In this article, the Gros portrait which was part of the Laffite collection is authenticated as being by the famous Napoleonic artist, Antoine-Jean Gros. What this means, among other things, is that John A. Laffite, whatever his demerits, could not have forged that painting.
Of course he could not have forged the Journal, either.
For one thing, John A. Laffite did not speak French. For another, the particular dialect of French used would be unavailable even to a literate American forger, as it was a creole with a peculiar mixture of Spanish and Haitian influences. But there are other ways we can tell that the document is not a forgery.
The Journal of Jean Laffite surfaced in 1948, when a man calling himself John Andrechyne Laflin presented it to the Missouri Historical Society. At first it was believed to be genuine, but later doubts began to surface. Laflin's own past was shady, he was accused of being a forger, and people began to doubt that this was the true journal of the famous privateer whose actions in the Battle of New Orleans turned the tide in the War of 1812.
An examination of the paper and ink confirmed that they were the 19th century and belonged to the same time period which it purported to have come from. The journal is not a day by day diary. It is more like the reminiscing of an older man about his past life. It is written in French and contains many newspaper clippings, rather like a scrapbook.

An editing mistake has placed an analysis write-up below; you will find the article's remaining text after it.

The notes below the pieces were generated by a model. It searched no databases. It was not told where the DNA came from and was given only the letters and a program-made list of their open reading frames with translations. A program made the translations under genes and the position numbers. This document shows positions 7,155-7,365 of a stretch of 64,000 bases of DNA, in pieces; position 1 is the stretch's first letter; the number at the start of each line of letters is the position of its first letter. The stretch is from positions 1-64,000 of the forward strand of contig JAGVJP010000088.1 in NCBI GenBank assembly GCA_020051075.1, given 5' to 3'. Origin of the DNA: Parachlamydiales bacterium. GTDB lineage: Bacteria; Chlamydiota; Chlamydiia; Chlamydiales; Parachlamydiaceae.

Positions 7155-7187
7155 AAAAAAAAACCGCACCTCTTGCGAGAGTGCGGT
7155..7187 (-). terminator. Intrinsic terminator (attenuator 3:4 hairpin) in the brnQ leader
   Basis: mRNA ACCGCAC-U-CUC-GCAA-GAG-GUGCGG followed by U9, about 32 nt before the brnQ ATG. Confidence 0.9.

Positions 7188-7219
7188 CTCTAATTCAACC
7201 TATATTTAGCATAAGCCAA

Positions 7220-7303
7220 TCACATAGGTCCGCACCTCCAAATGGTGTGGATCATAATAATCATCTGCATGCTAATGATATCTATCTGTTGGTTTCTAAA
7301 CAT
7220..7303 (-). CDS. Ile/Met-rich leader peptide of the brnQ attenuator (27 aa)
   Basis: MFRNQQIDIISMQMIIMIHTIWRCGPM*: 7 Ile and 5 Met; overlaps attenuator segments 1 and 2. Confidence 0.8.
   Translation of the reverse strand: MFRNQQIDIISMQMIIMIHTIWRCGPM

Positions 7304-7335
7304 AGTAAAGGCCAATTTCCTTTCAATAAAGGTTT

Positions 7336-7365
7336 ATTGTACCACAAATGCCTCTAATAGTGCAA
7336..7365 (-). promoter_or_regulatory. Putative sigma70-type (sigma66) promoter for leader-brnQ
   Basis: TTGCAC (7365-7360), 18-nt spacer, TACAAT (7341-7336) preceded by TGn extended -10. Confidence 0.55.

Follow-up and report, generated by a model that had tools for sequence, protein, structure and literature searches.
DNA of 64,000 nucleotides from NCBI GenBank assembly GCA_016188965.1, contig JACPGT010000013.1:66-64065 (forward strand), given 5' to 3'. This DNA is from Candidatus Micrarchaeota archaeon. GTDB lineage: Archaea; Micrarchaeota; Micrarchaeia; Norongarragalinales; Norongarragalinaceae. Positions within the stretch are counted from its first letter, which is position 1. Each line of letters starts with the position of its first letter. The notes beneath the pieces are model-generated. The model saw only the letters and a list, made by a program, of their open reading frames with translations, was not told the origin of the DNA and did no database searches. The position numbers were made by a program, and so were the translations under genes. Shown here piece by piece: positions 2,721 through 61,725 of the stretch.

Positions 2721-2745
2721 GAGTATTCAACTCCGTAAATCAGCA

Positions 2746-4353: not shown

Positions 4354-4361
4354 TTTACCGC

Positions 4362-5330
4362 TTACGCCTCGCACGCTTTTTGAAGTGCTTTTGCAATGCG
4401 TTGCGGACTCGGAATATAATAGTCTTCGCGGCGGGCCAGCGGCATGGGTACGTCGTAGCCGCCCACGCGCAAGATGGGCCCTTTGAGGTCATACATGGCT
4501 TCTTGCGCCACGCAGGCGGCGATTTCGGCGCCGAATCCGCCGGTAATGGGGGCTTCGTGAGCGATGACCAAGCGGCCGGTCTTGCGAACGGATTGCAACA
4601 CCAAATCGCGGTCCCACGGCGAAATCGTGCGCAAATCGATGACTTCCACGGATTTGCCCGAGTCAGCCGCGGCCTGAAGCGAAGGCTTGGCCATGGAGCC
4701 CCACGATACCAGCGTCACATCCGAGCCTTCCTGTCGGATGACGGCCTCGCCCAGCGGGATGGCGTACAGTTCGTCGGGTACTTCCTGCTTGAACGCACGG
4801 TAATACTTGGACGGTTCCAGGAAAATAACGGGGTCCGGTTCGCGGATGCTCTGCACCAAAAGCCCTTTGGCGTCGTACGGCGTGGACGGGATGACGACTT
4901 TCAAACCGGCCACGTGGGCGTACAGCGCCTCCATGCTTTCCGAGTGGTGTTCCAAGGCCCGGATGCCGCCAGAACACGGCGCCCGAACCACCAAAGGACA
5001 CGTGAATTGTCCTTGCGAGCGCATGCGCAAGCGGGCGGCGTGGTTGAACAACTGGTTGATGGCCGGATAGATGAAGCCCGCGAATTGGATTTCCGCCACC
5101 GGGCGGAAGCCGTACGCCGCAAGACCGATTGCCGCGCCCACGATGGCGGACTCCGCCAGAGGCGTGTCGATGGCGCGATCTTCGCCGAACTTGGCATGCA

You would think, however, that an examination of the handwriting, and especially the signature of Jean Laffite, might be dispositive of the issue. If the manuscript was genuine, then surely the signature would match the signature in other documents from reputable sources.
As it happens, the national archives contain a letter written by Jean Laffite to President James Madison. The signature on that letter looks like this:
I have copied this signature from the letter written by Jean Laffite to James Madison which is found in the Library of Congress in the James Madison Collection. (It is not protected by copyright).
We can take a very good looks at this signature and get some idea if the signature in the Journal of Jean Laffite is the same or different.
I have a copy of the journal which was sent to me from the Sam Houston Regional Library and Research Centter. It, too, is not protected by copyright, and the librarian was happy to make me this copy. The signature in the Journal of Jean Laffite looks like this:
The signatures do look quite different. You would think this would be dispositive of the issue. The letter to President Madison is genuine and is kept by the government. The journal must be a hoax.
But when I consulted with a genuine Jean Laffite researcher, here is what I found out: the experts all agree that the signature in the letter by Jean Laffite is not in the privateer's hand, whereas the signature in the Journal is very much the privateer's signature on his ship's manifest.
|Picture provided by Pam Keyes|
Now what do you make of that?